Student Housing: Where the Big Guns Go Niche-y
Want to get a jump-start on upcoming deals? Meet the major Chicago players at one of our upcoming events!
Student housing has exploded in the last several years as increased institutional equity flows into the sector. We’re excited to discuss that growth, and what it means for industry mainstays and emerging player at Bisnow’s 3rd Annual Chicago Student Housing Summit on Nov. 19, starting at 7AM.
The Scion Group is one of the largest owner/operators of purpose-built student housing around the country with 18,000 beds. CIO Avi Lewittes, one of our panelists, says a number of macro factors have come together to make student housing an attractive investment: historic liquidity in the capital markets, low interest rates, and increased institutional equity interest. The big guns are going niche-y because it’s tougher to generate yield with the more conventional food groups, he says, making operationally intensive assets (with more perceived risk) a stronger play. But we’ve seen inconsistent performance across the sector over the past couple years, he says.
Scion's 960-bed The Avenue West Lafayette at Purdue University, above. Public student housing REITs (like ACC and EDR) enjoyed very strong valuations a few years back that led to significant acquisition activity, Avi tells us. That spurred a robust development pipeline of high-end student housing product, and now developers and merchant builders are having a tougher time finding that university student body demand, and selling at the premium price point needed to generate returns (given REITs have pumped the breaks on acquisitions). That’s where Scion comes in, Avi says, buying these stranded assets at a discount to replacement cost, driving cash flow, and doing some operational repositioning and physical renovations where necessary.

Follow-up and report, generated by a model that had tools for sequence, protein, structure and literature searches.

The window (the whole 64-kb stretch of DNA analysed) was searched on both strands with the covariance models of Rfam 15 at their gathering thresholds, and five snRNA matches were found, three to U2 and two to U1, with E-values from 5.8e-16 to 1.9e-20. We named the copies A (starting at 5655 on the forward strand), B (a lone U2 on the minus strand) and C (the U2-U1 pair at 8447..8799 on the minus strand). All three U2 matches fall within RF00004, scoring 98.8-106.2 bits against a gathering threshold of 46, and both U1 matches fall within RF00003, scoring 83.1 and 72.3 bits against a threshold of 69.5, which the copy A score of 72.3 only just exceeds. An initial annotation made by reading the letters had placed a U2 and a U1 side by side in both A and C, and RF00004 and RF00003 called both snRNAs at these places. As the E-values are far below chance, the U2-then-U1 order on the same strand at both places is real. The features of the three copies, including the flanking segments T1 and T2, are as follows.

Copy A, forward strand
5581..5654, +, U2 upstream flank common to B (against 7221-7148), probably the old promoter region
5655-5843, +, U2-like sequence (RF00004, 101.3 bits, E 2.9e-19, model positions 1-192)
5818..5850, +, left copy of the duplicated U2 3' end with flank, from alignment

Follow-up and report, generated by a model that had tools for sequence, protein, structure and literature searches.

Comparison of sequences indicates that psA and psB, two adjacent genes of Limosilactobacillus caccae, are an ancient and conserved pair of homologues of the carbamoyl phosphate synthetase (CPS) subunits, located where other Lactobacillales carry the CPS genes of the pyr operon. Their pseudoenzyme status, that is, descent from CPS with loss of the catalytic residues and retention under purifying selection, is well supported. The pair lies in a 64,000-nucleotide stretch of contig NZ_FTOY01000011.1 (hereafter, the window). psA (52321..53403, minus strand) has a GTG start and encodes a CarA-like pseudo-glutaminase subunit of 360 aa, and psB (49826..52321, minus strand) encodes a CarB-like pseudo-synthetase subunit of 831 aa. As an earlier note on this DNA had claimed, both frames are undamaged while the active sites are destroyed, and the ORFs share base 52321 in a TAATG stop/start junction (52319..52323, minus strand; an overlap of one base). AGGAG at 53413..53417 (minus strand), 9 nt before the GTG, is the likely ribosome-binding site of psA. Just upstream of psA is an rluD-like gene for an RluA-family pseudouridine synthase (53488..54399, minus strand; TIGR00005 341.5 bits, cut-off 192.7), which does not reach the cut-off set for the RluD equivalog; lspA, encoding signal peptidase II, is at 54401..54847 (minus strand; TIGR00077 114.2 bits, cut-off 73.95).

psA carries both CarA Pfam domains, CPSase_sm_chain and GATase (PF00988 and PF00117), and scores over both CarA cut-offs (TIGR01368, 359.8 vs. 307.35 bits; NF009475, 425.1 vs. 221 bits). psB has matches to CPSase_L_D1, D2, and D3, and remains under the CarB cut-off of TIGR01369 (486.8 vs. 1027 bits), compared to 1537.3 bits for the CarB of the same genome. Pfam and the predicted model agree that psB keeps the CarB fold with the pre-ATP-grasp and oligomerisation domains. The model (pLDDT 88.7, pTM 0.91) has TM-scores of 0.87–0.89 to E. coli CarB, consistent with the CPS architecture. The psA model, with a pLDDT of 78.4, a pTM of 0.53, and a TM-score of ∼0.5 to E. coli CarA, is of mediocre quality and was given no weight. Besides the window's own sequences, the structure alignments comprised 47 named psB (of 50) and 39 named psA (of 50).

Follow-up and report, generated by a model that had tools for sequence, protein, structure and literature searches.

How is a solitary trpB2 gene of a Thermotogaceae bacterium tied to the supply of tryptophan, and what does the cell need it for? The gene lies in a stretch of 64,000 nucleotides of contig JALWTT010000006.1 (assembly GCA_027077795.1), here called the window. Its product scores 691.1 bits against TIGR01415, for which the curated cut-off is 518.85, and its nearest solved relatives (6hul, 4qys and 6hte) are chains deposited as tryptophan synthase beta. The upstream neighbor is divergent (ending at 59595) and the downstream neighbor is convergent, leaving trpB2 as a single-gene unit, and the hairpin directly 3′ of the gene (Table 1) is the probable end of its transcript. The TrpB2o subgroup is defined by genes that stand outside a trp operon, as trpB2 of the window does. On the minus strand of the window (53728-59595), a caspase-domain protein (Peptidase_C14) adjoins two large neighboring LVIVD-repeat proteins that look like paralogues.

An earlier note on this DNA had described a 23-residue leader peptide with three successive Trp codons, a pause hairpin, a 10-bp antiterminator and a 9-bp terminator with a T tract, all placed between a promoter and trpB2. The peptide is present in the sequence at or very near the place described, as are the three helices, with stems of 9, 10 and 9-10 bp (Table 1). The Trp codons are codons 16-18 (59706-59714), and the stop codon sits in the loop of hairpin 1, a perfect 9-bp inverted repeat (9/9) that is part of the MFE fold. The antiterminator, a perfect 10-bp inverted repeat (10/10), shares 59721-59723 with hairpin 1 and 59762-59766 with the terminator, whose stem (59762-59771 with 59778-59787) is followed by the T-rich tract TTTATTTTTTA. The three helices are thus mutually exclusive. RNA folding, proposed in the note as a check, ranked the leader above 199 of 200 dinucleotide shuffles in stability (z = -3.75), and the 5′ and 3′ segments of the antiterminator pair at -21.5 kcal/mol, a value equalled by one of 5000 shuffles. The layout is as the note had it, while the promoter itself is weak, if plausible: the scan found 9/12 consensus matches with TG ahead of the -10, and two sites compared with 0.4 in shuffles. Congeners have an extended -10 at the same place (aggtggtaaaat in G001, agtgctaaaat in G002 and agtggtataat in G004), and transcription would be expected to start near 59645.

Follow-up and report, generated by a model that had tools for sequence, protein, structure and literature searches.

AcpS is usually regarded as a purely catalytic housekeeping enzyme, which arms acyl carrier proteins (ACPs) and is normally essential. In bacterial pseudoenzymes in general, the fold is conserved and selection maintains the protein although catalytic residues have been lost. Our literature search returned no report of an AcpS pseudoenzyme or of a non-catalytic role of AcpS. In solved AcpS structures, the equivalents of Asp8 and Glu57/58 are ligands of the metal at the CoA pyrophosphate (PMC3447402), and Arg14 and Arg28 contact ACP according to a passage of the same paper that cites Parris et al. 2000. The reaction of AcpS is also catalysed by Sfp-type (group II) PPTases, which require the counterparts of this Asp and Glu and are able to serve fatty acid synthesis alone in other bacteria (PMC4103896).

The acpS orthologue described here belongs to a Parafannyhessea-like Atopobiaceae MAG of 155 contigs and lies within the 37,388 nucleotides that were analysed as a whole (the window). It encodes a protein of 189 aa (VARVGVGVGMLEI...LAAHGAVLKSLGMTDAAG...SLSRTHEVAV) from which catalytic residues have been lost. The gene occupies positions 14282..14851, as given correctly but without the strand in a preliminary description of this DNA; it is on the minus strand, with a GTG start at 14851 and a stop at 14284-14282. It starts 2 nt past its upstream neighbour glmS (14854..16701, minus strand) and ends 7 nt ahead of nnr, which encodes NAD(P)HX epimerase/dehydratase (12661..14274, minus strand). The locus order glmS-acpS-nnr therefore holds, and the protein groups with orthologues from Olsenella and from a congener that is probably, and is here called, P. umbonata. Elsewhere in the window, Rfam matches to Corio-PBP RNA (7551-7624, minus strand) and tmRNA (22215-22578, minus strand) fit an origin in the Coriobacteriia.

Scion (president Robert Bronstein, above) also benefits from ACC and EDR’s dispositions, he says, as they’ll selectively acquire the REITs' older product with a similar repositioning strategy (they’ve done a dozen of these deals). But location is critical. The firm is only interested in large, public, flagship state universities (with an average enrollment of 33,000 students), and its portfolio is focused on the Southeast, Midwest, Texas, and other western markets. Scion has deployed $350M-plus in the sector, acquiring over 10,000 beds in the last couple years, Avi says, which is even more acquisition activity than the REITs. (Though they’re focused on development and on-campus collaborations.)
The key to student housing success is a captive operating platform, Avi says, which is critical given each asset’s operational intensity. Scion keeps properties fresh with additions like retail and Zipcars, he says, along with philanthropic opportunities and new business incubators on-site. Avi’s other secret to success: define location differently. Not every student cares about being walking distance to campus. It depends on the campus, culture, and region of the country, because often students are more interested in proximity to retail, bars, or poolside social interaction, he points out. A former investment banker, Avi loves running, cycling, and horsing around with the kids. To hear more, please join us on Nov. 19 for Bisnow’s 3rd Annual Chicago Student Housing Summit, starting at 7AM. (Sign up here!)